An Example: Writing Rules for Security Segmentation
For starters, let’s look at Illumio’s recommended approach to writing rules for security segmentation. It starts with our FIRST principles, a clever backronym for the following five steps:
- FIND metadata sources. Illumio’s policy engine doesn’t use IP addresses to write security policies. Instead, we use metadata, like the application that runs on each workload, or whether it’s production or development. This lets you write security policies in terms that everyone understands, policies that adapt easily to change in your environment.
- IDENTIFY a label design. Labels are the building blocks of Illumio’s security policies. Is your Location label going to hold a physical location like a street address, or a data residency jurisdiction? A good label design is the bedrock on which your security policies rest.
- REACH OUT to service owners early. Most segmentation programs have many stakeholders and lots of touch points within your organization. A thoughtful communication plan will help your program go smoothly.
- START with core service policy. Your core services are the infrastructure or “dial-tone” components that keep all of your services running, like Active Directory or NetBackup. Having foundational security policies for your core services will let your application teams focus on the connections that matter to them.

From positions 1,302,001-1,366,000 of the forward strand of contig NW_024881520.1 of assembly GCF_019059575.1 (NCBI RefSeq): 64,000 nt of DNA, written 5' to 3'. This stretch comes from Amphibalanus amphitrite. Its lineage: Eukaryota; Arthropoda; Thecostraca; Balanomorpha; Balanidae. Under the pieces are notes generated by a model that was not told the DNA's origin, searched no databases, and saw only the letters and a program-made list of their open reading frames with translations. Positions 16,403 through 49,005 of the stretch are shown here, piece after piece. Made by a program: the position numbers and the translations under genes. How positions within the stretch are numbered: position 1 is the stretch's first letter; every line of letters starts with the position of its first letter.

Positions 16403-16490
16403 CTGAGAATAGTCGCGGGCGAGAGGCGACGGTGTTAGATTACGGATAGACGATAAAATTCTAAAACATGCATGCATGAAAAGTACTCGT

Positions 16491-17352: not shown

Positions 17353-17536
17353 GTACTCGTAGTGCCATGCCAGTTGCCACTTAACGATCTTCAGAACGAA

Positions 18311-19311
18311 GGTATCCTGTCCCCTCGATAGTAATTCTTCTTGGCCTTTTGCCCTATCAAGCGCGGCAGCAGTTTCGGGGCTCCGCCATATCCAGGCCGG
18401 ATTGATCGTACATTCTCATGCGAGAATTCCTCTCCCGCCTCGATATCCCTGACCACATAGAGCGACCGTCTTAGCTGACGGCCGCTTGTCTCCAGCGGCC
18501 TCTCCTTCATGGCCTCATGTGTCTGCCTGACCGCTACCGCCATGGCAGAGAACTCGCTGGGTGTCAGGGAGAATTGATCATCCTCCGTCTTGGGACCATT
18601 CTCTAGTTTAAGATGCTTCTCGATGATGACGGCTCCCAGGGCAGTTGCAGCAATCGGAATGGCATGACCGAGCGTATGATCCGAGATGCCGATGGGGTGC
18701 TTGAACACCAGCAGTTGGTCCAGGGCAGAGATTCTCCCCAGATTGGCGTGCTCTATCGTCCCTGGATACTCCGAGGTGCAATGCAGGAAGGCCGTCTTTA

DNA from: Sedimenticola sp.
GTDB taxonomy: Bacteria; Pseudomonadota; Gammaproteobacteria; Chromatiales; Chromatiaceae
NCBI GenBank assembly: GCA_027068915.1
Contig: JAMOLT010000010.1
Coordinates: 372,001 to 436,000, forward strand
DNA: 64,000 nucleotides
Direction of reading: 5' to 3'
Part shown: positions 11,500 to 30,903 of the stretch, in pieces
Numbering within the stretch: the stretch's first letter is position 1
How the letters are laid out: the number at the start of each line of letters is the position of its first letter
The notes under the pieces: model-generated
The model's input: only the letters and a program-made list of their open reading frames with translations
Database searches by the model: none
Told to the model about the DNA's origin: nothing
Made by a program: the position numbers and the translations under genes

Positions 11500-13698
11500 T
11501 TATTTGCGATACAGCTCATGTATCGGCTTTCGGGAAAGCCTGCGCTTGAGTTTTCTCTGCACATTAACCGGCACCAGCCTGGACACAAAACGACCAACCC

- TARGET ringfencing for business applications. Security policies aren’t one-size-fits-all, and there’s always a balance between control and operational complexity. Application ringfencing is a common pattern that focuses more on the connections in and out of each application, and less on the connections between components within the application. You can always dial the level up for down, but most of our customers find this to be a good default for most of their applications.
With this plan in mind, the key questions you need to answer are: How long do I spend on each step? Do I need to wait for each step to finish before going on to the next, or can I do them in parallel?
This brings us back to the thirty-thousand-foot view. A risk-averse organization might follow a more deliberative process, choosing to fully integrate their CMDB and write comprehensive core service policies before engaging application owners. If you’re under pressure to deliver results quickly, you might start writing application security policies while still refining on the back-end. The most important thing is to make an informed choice about which process to follow, balancing your deadlines and your organization’s risk tolerance against your security objectives. Go ahead and adjust the order and the time you spend on each step to suit your needs. Just don’t skip any!
The ground outside my window is slowly getting closer as this small plane begins its descent. If your segmentation goals are still on the horizon, we at Illumio are excited to help you reach them!
If you’re interested in reading more about these planning and design considerations for your security segmentation journey, check out our Design Guide – a great primer that just so happens to be prime reading material from 30K feet (or below).